Silicon Hive and Apical Imaging develop embedded imaging for mobile devices

FEBRUARY 6, 2008--Silicon Hive (Eindhoven, The Netherlands) and Apical Ltd. (London, UK) have entered into a partnership agreement to jointly develop solutions for (mobile) camera phones.

FEBRUARY 6, 2008--Silicon Hive (Eindhoven, The Netherlands; and Apical Ltd. (London, UK; have entered into a partnership agreement to jointly develop hardware accelerated retina-morphic and image signal-processing solutions for (mobile) camera phones and other terminals with demanding imaging requirements. The agreement calls for Apical to optimize and port several of its image-enhancement and processing engines to Silicon Hive's HiveFlex ISP 2200 programmable processor. Silicon Hive will enhance its HiveFlex ISP 2200 processor's instruction set for Apical Imaging's engines resulting in area and power efficient silicon designs.

The first joint product ready now for evaluation is the Apical Iridix engine running on a HiveFlex ISP 2200 processor. The companies will be showing live demonstrations of this new product at the Mobile World Congress in Barcelona Spain, February 11--14.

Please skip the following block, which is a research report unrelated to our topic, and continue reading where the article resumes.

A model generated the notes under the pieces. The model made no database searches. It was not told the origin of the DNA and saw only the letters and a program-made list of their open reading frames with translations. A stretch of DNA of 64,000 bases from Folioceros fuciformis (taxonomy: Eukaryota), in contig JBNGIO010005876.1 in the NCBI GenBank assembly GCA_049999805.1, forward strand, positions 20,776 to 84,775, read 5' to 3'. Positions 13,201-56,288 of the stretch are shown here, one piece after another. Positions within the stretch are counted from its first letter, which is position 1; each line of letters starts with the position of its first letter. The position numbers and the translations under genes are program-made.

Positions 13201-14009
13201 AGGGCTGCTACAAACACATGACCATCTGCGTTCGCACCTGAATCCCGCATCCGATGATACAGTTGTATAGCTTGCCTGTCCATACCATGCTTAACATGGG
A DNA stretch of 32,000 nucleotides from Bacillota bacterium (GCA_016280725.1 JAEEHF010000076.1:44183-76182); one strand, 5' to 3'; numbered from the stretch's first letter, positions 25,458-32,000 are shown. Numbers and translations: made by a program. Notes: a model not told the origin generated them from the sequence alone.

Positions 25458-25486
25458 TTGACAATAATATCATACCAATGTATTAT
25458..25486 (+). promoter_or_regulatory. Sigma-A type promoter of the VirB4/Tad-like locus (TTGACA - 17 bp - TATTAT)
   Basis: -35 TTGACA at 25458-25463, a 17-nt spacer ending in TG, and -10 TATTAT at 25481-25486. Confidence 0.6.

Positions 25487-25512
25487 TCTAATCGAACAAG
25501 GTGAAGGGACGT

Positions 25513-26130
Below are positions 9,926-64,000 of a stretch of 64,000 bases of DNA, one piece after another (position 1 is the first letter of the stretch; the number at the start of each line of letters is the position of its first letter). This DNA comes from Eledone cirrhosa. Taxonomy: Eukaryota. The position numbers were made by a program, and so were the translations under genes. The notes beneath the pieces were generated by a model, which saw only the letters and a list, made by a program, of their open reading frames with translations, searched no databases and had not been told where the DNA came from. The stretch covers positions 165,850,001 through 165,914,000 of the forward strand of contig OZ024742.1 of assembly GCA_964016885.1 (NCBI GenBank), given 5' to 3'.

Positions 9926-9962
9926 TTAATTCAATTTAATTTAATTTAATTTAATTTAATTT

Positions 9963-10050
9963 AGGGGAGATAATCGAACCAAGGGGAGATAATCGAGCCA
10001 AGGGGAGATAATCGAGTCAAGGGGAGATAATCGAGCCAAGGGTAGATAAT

Iridix is a sophisticated method of dynamic range compression that has already been widely adopted by leading DSC manufacturers. It differs from conventional methods such as gamma correction in that it applies different tonal and color transformations to every pixel in a source image. It is based on research into the human visual system and, in particular, mimics the way in which the human retina adapts to scenes of high and variable contrast.

The HiveFlex ISP 2200 processor can process more than 100 Mpixels/s. It is C programmable and easily scaleable to meet varying needs of either CMOS image sensor or imaging SoC manufacturers. The five issue slot architecture combines VLIW and SMID vector functions that can be scaled, for example, in the number of bits per pixel, data path, SIMD vector size, and other dimensions. The HiveFlex ISP 2200 is based on Silicon Hive's parallel-processing technology. It uses proprietary data, instruction, and task level parallelism to achieve area and power efficient designs not found in other common DSP like design.

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